Stocks open sharply lower

NEW YORK, NY - MAY 07: The New York Stock Exchange is seen on May 7, 2013 in New York City. The Dow closed above 15,000 for the first time ever, hitting 15,056. (Photo by Spencer Platt/Getty Images)
Spencer Platt

NEW YORK A global stock market slump is continuing on Wall Street as traders worry about how committed the Federal Reserve remains to keeping up its bond-buying program.

The Dow Jones industrial average fell 112 points to 15,191 in early trading Thursday, or 0.7 percent.

The Standard & Poor's 500 fell 16 points to 1,638, or 1 percent. The Nasdaq fell 29 points to 3,433, or 0.8 percent.

Stocks were down 2.7 percent in Germany and 2.6 percent in France. Japan's Nikkei plunged 7 percent but is still up 39 percent this year.

Investors were spooked by minutes from the latest Fed meeting indicating that several policymakers are leaning toward slowing the central bank's bond-buying program, which has been keeping interest rates low and encouraging investors to buy risky assets like stocks.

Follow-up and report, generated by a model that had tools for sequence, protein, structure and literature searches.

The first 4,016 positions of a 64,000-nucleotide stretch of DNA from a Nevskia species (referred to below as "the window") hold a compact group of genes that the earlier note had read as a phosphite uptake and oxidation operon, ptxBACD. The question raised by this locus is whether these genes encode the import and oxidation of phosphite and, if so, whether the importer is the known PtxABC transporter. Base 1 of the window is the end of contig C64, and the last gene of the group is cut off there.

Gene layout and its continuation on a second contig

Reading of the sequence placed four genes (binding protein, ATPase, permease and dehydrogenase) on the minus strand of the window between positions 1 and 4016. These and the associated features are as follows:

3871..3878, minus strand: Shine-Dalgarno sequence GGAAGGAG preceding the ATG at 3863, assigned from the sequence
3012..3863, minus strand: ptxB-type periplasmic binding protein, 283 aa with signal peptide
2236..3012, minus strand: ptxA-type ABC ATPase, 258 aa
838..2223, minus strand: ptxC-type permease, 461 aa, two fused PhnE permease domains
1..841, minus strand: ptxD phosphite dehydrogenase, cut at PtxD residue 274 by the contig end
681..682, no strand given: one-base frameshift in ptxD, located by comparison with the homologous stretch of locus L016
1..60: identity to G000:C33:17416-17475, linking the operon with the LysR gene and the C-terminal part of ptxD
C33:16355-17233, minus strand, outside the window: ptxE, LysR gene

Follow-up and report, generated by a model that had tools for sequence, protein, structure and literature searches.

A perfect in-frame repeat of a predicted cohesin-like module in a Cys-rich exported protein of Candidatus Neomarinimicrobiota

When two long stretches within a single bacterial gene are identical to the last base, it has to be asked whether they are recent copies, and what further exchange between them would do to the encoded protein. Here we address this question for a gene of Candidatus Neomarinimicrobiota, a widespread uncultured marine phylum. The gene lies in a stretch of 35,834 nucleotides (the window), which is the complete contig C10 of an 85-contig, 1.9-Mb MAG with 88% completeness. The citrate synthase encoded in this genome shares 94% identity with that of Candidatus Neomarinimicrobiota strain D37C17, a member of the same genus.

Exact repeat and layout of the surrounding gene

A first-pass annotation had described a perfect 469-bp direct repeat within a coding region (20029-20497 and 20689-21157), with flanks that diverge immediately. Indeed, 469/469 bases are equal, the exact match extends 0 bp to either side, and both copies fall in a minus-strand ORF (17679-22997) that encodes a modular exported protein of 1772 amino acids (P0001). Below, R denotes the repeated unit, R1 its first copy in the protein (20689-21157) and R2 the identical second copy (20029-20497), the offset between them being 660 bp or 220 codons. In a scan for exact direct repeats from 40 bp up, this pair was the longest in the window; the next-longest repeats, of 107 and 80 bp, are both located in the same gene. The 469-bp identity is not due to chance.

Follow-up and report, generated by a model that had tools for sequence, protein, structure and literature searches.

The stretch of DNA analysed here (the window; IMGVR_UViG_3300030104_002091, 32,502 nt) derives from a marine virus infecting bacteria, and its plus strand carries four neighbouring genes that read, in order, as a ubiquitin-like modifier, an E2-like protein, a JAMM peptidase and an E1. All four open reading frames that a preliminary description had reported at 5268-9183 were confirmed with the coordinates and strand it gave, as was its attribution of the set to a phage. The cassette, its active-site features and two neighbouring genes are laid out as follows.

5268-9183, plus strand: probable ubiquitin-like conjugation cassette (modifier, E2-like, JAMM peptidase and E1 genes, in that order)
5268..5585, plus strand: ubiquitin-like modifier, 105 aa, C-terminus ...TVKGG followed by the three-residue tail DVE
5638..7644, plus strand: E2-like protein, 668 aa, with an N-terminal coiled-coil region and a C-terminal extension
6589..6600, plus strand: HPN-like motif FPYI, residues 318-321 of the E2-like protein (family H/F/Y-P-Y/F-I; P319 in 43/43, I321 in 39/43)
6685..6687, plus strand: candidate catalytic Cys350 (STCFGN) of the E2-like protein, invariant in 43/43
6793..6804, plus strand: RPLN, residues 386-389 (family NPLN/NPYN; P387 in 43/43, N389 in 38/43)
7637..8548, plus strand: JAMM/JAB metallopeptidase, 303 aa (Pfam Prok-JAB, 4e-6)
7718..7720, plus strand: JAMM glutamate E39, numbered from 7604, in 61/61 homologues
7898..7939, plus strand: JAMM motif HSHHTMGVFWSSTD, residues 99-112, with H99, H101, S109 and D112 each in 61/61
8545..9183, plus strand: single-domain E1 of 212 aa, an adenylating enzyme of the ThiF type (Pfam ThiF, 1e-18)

Despite that view among some central bank members, experts say that Fed chief Ben Bernanke shows little sign of wanting to immediately wind down the massive bond purchases that have helped propel stocks into record terrain this year. Bernanke appeared before lawmakers yesterday on Capitol Hill to disucss the Fed's plans.

Jim O'Sullivan, chief U.S. economist with High Frequency Economics, said in a research note that Bernanke "made it clear in his testimony that there is virtually no chance of scaling down" Fed bond purchases over the next two months.